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Croatian unions say they have enough support for referendum on retirement age

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ZAGREB (Reuters) – Croatia’s leading trade unions said on Sunday they had collected enough signatures to force a referendum aimed at reducing the country’s retirement age to 65 from the current 67 years of age.

Three top trade unions said they had collected more than 600,000 signatures in two weeks of their campaign which ended at midnight on Saturday.

“We want this to be an example how the citizens can raise their voice and make a change,” said Mirela Bojic, one of the organisers of the unions’ campaign “67 is too much”.

The number of signatures needed was at least 10 percent of all the voters or 373,568 people. The Public Administration Ministry will now be tasked to verify the figure and if confirmed the parliament will have to call a referendum.

It is not yet clear when the referendum could be called, but the unions hope it would be after the summer.

The Croatian parliament in December approved the

government’s proposal to raise the retirement age to 67 from

2033 and to reduce pensions for people who retire early.

. An earlier law envisaged lifting of the retirement age from 2038.

Under the new law there will also be a 3.6 percent pension reduction for each year of an earlier retirement. The trade unions want to cut that to 2.4 percent.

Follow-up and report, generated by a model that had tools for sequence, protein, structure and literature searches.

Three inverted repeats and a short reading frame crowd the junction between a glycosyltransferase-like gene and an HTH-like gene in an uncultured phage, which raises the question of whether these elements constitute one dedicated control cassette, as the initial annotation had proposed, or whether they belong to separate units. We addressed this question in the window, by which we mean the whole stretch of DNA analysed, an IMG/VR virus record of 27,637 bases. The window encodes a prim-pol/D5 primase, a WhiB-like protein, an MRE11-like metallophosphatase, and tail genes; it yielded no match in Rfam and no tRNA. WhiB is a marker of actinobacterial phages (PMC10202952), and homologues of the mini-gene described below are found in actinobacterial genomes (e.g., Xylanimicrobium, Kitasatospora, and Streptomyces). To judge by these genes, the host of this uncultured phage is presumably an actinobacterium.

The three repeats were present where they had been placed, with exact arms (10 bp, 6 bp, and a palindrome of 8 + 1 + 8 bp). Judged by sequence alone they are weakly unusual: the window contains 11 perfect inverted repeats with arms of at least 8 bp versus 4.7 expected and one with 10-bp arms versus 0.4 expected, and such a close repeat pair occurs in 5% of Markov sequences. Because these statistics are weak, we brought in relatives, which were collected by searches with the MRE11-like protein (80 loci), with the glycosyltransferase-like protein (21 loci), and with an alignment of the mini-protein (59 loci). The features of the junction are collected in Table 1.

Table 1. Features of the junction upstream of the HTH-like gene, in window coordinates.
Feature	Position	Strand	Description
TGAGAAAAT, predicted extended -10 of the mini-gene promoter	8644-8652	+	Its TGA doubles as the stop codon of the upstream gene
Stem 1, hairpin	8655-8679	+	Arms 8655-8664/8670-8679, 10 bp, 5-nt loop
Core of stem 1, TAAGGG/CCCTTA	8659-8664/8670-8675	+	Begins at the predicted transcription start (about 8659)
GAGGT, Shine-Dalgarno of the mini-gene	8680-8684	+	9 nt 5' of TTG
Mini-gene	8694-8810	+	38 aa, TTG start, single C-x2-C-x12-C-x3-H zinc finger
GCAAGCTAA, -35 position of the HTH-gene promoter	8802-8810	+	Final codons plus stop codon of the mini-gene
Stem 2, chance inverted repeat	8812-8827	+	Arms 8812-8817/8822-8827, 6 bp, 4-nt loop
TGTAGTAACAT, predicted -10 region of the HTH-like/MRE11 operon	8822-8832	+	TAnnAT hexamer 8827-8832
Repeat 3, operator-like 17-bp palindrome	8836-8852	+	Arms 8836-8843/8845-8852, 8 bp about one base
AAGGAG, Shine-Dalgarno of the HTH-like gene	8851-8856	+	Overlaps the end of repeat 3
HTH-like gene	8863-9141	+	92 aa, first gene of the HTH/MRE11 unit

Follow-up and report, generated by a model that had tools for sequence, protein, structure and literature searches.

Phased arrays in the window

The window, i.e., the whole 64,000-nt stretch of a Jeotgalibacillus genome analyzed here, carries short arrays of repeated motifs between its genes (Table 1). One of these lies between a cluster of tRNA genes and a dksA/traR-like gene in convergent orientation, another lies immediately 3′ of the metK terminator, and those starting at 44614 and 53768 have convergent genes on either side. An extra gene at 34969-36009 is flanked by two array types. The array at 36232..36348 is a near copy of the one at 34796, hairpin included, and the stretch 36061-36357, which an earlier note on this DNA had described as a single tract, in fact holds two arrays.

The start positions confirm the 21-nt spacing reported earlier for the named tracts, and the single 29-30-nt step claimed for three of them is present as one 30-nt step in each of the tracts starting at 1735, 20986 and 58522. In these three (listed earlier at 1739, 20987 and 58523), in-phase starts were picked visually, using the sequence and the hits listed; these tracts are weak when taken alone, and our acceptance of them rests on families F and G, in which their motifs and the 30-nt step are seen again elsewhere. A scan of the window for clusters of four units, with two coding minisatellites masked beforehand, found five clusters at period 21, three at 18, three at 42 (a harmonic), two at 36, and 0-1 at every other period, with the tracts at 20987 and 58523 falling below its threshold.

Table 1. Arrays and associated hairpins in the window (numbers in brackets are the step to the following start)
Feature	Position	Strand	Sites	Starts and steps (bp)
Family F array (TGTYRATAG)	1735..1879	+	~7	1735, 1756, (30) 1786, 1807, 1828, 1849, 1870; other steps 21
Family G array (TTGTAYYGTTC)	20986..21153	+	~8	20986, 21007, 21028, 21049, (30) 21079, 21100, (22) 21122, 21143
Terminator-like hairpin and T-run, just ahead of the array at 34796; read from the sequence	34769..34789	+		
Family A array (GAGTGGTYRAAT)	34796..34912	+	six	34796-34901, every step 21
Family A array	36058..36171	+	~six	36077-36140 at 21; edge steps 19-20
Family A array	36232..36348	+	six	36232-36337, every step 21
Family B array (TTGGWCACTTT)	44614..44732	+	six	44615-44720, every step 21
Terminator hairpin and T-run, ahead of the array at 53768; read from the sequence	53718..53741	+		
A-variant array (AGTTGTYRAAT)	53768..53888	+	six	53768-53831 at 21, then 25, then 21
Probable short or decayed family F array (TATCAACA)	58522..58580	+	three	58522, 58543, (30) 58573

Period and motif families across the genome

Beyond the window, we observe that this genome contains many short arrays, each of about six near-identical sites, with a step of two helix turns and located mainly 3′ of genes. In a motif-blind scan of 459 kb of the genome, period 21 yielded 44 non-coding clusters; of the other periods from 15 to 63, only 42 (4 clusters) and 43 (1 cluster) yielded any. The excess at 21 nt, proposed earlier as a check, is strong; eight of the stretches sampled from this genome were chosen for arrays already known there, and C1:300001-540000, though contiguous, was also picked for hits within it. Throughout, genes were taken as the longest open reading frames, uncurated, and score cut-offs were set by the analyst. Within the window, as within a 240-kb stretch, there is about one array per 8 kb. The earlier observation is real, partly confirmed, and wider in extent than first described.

Croatia, like many European countries, has an ageing

population and the ruling conservative-liberal coalition

insisted the changes were necessary to make the pension system

sustainable. Many local experts agree.

The budget has to finance about 17 billion kuna (£2 billion) from taxes every year to cover a gap in the pay-as-you-go public pension scheme, which costs almost 40 billion kuna annually.

The government said that a reversal of the reform would bring additional 45 billion kuna of financial burden to the budget until 2040 and could make the pensions lower in the future.

The unions say that life expectancy in Croatia is shorter than in its EU peers and that many workers who cannot work until 67 for health reasons would be penalised too much if they retire earlier.

Many analysts say that Croatia must make its pension and health systems sustainable to remove risks for the public finances in the future. Croatia is currently making efforts to reduce the public debt in a drive to adopt the euro in about five years.

(Reporting by Igor Ilic; Editing by Elaine Hardcastle)

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